It’s an ugly word.

The word in itself tends to bring an onslaught of emotions ranging from anger, pain, and most of all, fear.  Our society has learned to think of cancer as a death sentence rather than a diagnosis.

I can’t say I blame them. The most common methods of treatment are chemotherapy and radiation and even those have a success rate of only 2-10%.

When the treatments alone significantly decrease your quality of life, who wants to even take those chances? The reality is that many people do.  We’ve been conditioned to believe that those methods are our only chance to survival.

Allow me to first say that I have the utmost respect for doctors and their medical care.  Many doctors go into the profession because of their desire to help people and see them live to their fullest potential.

However, modern medicine does not always allow them to do just that.

On August 1, 2012 I was at the Phoenix airport waiting to board a flight to California. It was then that I received a phone call at 8:30am that many of us pray we never receive.

My doctor of over 20 years called to tell me that I had cervical cancer.  My vision blurred and my mind raced as the words he spoke began to become jumbled in my disbelief.  The airport that was just a few minutes ago busy and loud seemed to have gone completely.

Silent and motionless, I kept trying to think of ways to rewind time and take the words back that he said, but I couldn’t.

I couldn’t have cancer. I had already had to overcome so much in my life.  To give you perspective, I was molested by a family member as a child, gang raped as a teenager, abandoned by my father in my late teens, gained and lost 100 pounds, battled an eating disorder, worked in the sex industry as a stripper, and survived a horrific divorce all by the age of 35.

As you could see, my life had been anything but easy.  Couldn’t life give me this free pass considering I had children to raise and had only been married to my now husband for three years.  I had so much life ahead of me!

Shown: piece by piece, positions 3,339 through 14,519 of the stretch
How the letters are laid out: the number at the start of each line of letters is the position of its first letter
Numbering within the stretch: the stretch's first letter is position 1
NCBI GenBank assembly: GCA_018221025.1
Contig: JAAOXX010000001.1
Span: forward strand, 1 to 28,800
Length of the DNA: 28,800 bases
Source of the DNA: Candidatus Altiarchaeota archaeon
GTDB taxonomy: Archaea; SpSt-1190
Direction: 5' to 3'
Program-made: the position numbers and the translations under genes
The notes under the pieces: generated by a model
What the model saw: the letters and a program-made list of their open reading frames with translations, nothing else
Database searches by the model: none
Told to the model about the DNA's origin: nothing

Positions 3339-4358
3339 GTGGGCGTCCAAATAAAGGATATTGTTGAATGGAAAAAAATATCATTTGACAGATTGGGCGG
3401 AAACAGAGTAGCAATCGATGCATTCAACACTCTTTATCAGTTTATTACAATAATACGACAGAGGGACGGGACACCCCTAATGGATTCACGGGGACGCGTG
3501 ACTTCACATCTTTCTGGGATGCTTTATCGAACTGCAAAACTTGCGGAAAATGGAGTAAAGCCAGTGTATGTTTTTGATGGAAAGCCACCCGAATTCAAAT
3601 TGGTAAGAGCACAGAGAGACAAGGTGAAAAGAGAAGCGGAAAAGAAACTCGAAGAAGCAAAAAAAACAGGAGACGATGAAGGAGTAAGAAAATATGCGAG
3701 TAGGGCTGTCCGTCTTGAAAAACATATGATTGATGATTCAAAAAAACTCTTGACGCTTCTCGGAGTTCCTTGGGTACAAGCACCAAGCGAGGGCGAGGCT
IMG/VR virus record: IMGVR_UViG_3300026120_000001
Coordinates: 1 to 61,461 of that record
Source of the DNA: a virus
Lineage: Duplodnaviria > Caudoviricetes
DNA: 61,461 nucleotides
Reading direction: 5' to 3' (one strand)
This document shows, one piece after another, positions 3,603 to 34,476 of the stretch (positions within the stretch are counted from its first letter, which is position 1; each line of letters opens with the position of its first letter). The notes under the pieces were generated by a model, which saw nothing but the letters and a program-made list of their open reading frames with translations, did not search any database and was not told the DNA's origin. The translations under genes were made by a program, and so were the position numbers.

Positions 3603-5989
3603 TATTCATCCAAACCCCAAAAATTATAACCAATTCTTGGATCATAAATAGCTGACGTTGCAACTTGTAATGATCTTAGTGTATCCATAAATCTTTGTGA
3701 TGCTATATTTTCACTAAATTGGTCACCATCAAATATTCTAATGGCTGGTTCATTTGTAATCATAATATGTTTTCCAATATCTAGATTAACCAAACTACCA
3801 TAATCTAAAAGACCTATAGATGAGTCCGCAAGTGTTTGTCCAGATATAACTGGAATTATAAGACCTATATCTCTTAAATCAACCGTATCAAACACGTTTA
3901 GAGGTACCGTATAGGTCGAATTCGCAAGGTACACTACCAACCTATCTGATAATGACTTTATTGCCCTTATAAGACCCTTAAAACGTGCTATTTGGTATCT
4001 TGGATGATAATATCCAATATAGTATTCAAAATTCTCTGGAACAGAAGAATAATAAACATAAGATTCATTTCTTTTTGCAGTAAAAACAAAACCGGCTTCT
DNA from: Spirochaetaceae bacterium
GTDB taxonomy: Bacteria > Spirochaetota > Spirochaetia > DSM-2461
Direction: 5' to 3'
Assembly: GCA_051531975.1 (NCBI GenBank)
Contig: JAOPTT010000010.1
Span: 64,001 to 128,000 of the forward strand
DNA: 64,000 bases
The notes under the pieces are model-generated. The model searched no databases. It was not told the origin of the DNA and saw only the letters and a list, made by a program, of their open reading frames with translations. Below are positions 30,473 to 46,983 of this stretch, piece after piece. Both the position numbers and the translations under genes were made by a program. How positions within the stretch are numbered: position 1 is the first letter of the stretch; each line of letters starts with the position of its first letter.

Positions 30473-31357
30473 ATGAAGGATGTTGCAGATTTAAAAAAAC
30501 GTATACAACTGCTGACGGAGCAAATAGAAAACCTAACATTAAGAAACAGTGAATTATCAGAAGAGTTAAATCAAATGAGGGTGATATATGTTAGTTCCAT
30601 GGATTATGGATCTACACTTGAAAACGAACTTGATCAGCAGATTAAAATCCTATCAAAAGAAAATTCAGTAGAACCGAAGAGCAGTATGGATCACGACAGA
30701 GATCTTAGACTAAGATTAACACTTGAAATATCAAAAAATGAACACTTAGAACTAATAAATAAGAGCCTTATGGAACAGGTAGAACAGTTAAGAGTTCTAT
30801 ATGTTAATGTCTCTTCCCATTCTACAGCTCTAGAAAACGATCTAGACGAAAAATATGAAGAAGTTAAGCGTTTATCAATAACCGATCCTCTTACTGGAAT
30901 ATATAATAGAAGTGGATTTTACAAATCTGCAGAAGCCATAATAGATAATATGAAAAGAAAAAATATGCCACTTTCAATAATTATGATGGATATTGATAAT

Cancer is no respecter of persons. 

It doesn’t only happen to “other” people.  It could happen to anyone.  Even for myself, someone who prided myself on being healthy and a Taekwondo instructor at the time could get it.

I sat in my doctor’s office while he went into detail about my diagnosis and that’s when he broke the news to me.

“Andrea,” he said with sadness in his eyes.  “If you don’t follow tradition protocol including chemotherapy and radiation, at best you have a year to live.”

The Bible makes it clear that we do not know the time or the hour when any of us shall pass, but hearing the words “a year to live” shook me to my core.

I drove home with thoughts running through my mind.  How was my husband going to respond to the fact that his wife had cancer? What would my children do without their mother?  How would I be able to fulfill everything that my heart desired to accomplish? How was this fair?

The fact that I even had cancer hadn’t had time to settle with me yet.

I knew that I had a decision to make.

I could either listen to my doctor’s orders and undergo the harsh treatment of chemotherapy and radiation, or I could fight it naturally and according to the plan God revealed to me.

In fact, I have learned that cancer in and of itself is not the true problem.  Cancer isn’t what made me sick.  I had been sick for years leading up to it!  Cancer was my body’s way of sending smoke signals to signify that something was truly wrong in my body.

Cancer is a result of the environment that has been created inside of our bodies.

My encouragement to you is that you consider that there is possibly a way to overcome the deadly disease and allow yourself to steward your body the way God designed.


Taken from my ebook, From Cancer to Victory

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